UN Torture Investigator Says U.S. Military Treatment of Wikileaks Soldier Bradley Manning was 'Cruel and Inhumane'
A UN investigation into the treatment of Wikileaks soldier Bradley Manning in Camp Arifjan in Kuwait and in Quantico in Virginia, where he was held in solitary confinement and made to strip naked at night, has been described as not 'definitive' because the UN rapporteur "has consistently been denied permission by the US military to interview the prisoner under acceptable circumstances."
As you may recall, in March 2011, Obama said of Manning's situation:
"I have asked the Pentagon whether or not the the procedures that have been taken in terms of his condition are appropriate and are meeting our basic standards. They assure me that they are."
Juan Mendez has completed a 14-month investigation into the treatment of Manning since the soldier's arrest at a US military base in May 2010. He concludes that the US military was at least culpable of cruel and inhumane treatment in keeping Manning locked up alone for 23 hours a day over an 11-month period in conditions that he also found might have constituted torture.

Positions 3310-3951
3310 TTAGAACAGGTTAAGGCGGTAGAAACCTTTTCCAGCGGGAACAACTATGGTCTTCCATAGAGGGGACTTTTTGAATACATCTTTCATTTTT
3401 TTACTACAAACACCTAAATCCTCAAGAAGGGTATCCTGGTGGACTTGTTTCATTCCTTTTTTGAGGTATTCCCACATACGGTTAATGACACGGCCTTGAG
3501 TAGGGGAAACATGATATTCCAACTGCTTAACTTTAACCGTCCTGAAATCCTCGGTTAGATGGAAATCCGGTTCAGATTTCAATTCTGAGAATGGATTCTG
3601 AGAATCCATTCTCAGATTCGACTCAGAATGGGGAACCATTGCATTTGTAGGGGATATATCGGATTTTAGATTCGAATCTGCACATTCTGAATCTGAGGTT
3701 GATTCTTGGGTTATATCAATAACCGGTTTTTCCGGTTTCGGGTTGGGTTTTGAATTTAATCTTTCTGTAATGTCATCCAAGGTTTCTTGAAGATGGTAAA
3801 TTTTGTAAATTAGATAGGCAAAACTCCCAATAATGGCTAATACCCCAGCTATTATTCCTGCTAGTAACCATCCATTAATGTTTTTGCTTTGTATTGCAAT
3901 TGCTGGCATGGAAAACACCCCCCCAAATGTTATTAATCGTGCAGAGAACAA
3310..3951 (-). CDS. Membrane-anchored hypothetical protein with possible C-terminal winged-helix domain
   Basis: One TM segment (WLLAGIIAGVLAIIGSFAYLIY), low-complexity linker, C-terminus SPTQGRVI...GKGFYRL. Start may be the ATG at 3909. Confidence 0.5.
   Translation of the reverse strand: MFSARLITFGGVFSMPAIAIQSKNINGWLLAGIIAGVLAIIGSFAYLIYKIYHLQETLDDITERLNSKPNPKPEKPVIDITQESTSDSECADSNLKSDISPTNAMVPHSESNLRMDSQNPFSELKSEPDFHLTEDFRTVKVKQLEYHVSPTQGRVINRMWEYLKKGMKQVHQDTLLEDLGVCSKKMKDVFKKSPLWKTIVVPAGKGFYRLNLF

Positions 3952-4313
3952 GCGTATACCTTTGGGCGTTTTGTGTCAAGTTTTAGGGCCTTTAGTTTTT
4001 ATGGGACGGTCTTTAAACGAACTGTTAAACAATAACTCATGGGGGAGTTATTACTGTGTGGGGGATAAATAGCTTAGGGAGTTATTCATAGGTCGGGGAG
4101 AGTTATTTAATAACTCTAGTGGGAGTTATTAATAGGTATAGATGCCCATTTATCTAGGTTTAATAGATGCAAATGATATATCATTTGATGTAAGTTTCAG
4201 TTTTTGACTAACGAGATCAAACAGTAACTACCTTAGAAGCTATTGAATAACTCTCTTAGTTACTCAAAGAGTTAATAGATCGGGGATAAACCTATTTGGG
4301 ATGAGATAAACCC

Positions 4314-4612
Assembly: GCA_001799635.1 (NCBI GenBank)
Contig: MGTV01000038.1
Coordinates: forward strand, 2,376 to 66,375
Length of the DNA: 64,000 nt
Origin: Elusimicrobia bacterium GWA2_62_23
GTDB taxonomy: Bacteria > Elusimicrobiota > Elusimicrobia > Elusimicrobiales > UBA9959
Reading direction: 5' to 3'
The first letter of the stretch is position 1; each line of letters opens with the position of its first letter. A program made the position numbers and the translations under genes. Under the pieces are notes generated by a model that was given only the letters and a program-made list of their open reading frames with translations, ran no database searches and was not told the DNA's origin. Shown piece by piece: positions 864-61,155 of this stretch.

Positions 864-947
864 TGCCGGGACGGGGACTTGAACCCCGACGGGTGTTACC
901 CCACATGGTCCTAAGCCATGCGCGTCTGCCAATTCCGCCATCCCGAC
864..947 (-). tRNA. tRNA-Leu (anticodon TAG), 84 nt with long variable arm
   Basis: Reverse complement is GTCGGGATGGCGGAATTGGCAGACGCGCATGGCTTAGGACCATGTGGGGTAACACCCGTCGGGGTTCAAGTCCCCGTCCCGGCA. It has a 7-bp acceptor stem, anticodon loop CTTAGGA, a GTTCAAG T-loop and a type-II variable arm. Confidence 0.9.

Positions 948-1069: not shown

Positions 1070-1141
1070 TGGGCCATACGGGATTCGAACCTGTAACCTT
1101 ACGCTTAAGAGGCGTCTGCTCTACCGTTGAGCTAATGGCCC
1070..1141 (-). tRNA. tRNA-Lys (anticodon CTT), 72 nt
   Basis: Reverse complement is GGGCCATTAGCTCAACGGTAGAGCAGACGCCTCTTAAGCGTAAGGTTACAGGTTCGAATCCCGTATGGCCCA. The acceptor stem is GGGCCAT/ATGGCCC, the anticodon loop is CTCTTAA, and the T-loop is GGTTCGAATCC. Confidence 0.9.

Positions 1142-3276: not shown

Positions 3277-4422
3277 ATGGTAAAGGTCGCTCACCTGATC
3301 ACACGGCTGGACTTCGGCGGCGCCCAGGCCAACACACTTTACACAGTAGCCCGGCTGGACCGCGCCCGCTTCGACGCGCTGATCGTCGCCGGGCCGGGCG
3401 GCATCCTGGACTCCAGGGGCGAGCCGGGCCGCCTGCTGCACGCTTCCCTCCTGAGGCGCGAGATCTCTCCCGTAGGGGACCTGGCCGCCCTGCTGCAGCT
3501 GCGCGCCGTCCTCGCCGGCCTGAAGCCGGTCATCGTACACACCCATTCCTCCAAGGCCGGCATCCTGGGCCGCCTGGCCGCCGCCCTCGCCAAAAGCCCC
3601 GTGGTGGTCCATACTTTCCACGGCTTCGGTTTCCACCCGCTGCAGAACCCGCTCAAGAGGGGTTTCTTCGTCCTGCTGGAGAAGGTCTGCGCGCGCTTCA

"The special rapporteur concludes that imposing seriously punitive conditions of detention on someone who has not been found guilty of any crime is a violation of his right to physical and psychological integrity as well as of his presumption of innocence," Mendez writes.
The findings of cruel and inhuman treatment are published as an addendum to the special rapporteur's report to the UN general assembly on the promotion and protection of human rights. They are likely to reignite criticism of the US government's harsh treatment of Manning ahead of his court martial later this year.